BrownTown is joined by audio engineer Genta Tamashiro as the group shares some whiskey and discusses some of hip-hop's influences, effects on culture, and the problem we all face in an oversaturated generation.
Born and raised in Denver, Colorado, Genta is a creative devotee of the artistic community. He attended the specialized magnet school Denver School of the Arts for middle and high school, which gave him a solid foundation in musical performance and theory as well as an introduction into audio engineering. After spending some time at the University of Hawai’i at Manoa, Genta moved to Chicago to pursue a career in audio engineering where he received a Bachelor of Arts in Audio Design and Production from Columbia College in 2015. Through his freelance audio work, he has traveled around the country and the world with notable artists such as the Becca Kaufman Orchestra, The Way Down Wanderers, and Masego. When he is not running the sound for a band somewhere, you can find him producing his own music or editing podcasts for SoapBox (more on Episode 27) and other creative organizations.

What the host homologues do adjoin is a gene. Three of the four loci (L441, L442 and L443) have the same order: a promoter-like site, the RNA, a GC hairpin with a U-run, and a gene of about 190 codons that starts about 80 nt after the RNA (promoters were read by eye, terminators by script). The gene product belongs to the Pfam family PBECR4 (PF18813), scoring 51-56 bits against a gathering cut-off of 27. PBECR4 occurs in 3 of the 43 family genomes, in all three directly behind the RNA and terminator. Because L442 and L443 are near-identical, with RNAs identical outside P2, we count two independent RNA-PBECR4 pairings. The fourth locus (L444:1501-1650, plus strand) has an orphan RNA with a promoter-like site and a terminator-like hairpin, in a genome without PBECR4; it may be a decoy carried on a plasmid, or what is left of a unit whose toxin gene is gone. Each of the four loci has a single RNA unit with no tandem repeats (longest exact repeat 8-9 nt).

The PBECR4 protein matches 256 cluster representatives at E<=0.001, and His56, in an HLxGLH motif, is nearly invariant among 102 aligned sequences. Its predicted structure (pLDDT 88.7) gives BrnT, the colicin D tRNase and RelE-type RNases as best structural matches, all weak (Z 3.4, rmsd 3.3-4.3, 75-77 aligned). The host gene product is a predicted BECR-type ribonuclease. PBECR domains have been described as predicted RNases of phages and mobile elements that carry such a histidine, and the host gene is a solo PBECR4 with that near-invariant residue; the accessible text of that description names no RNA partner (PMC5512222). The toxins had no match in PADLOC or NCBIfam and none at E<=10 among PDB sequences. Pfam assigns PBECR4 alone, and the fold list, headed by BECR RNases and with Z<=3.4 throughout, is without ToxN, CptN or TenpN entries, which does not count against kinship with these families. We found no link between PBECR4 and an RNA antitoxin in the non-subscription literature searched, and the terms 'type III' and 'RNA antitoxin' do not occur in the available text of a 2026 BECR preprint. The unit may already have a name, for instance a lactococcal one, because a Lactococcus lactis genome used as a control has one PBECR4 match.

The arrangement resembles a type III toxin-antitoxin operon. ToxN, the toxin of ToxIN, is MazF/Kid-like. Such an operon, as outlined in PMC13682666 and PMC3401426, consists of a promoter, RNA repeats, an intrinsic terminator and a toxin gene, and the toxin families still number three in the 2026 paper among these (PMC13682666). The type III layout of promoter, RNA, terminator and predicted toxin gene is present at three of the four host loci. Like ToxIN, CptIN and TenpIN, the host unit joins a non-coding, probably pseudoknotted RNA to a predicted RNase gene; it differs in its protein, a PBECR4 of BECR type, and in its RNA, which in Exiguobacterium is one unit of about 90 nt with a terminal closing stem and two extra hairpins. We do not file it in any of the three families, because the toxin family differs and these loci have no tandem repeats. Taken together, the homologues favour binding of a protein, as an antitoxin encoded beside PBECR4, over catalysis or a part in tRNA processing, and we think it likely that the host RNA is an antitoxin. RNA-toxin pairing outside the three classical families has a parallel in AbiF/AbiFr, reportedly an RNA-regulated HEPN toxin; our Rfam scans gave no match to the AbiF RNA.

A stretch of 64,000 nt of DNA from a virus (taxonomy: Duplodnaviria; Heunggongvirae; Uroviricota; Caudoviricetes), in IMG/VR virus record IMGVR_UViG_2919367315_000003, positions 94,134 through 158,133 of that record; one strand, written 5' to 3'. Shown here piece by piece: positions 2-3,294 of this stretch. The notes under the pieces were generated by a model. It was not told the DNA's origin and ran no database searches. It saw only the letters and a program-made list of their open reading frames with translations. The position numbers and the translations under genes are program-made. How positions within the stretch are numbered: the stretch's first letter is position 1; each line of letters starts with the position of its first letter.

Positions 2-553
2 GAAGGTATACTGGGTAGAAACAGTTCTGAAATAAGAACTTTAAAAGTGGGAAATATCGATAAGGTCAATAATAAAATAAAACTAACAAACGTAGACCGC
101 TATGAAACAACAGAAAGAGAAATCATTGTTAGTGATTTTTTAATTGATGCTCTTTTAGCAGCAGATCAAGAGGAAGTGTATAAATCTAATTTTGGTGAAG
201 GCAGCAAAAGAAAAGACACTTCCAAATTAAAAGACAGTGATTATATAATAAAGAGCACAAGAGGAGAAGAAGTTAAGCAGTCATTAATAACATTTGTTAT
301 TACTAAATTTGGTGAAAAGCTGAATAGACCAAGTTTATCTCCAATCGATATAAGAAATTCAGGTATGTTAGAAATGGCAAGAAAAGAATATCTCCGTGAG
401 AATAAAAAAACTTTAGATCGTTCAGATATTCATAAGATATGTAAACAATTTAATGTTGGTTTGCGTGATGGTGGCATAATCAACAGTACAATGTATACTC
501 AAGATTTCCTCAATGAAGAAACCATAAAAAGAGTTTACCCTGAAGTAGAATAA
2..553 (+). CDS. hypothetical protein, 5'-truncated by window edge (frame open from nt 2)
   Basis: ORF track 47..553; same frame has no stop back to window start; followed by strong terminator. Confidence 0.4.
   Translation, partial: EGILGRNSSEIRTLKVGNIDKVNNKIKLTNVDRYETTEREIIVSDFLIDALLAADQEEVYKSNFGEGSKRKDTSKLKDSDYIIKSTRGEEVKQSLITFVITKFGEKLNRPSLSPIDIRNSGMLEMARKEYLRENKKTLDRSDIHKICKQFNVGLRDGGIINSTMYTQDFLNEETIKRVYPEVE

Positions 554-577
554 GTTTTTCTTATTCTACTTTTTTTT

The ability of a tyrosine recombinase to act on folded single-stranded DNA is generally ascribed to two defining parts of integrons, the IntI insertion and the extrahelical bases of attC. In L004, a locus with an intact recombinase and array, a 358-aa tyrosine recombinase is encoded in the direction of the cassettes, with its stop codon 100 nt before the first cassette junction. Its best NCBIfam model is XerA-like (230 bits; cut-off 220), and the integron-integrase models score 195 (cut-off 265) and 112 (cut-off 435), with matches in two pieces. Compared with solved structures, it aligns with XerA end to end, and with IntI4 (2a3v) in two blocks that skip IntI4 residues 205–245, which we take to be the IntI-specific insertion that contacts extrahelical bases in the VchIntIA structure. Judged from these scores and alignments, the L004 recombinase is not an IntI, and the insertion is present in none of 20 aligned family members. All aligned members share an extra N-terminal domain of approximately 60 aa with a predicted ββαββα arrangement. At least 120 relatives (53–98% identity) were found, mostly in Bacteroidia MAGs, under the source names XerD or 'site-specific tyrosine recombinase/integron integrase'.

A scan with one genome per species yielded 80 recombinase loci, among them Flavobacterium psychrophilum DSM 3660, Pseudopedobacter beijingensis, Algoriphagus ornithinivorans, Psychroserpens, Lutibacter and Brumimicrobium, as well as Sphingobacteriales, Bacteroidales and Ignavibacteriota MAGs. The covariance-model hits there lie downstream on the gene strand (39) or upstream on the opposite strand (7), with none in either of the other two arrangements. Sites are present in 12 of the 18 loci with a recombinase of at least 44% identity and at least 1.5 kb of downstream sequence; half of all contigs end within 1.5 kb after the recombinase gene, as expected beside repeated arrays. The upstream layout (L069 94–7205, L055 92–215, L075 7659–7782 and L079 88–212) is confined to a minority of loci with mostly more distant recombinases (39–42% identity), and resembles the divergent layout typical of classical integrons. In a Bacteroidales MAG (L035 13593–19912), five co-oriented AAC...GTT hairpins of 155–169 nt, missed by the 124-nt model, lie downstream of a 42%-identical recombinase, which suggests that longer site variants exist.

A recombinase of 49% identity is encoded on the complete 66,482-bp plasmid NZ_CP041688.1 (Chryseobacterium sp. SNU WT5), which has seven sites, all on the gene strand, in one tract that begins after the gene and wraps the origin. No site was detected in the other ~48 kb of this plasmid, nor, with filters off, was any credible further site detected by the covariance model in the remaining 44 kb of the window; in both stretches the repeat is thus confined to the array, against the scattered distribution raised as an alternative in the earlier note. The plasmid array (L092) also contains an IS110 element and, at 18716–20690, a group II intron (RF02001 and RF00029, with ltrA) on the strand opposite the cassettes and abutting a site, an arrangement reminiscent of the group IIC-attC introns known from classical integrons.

Genta Tamashiro and the gang grab a drink and dive into the Netflix original The Get Down as a cultural tool in understanding the roots of hip-hop and its social placement from a historical context. From here, they critique misinterpretations of hip-hop, noting that the genre's humble origins to now oversaturated landscape with the growth of technology.
Dave Chappelle exposes that even at “the hallmark of [our] generation" we live in "the most difficult time in human history. This is the age of spin. The age where nobody knows what the fuck they’re even looking at.” Just as comedians like Chappelle help ground us back into reality, true hip-hop is ever-growing. Mainstream artists like Kendrick Lamar and J. Cole’s have managed to keep the spotlight on the genre with recent albums like DAMN and For Your Eyes Only in which the rappers examine their lives, their peers’, and their respective ecosystem. Within their discography BrownTown tries to discover if their music is simply “conscious rap” or calling to action as Charles Preston promotes in his article, “Trump is here: Will Mainstream Rappers Punch Nazis?” By the end we understand that, whether calling to action or simply reacting to their environment, both artists seek to empower themselves and their audience through their music by staying true to hip-hop elements, continuously experimenting, collaborating, and, of course, spitting fire bars.
Follow Genta on Facebook, Instagram and listen to his music on Spotify.
CREDITS: Intro music - J. Cole on Kendrick Lamar's instrumental for Alright; outro music - Kendrick Lamar on J. Cole's A Tale of Two Citiez off of the Black Friday releases. Audio engineered by Genta Tamashiro.
Bourbon ’n BrownTown
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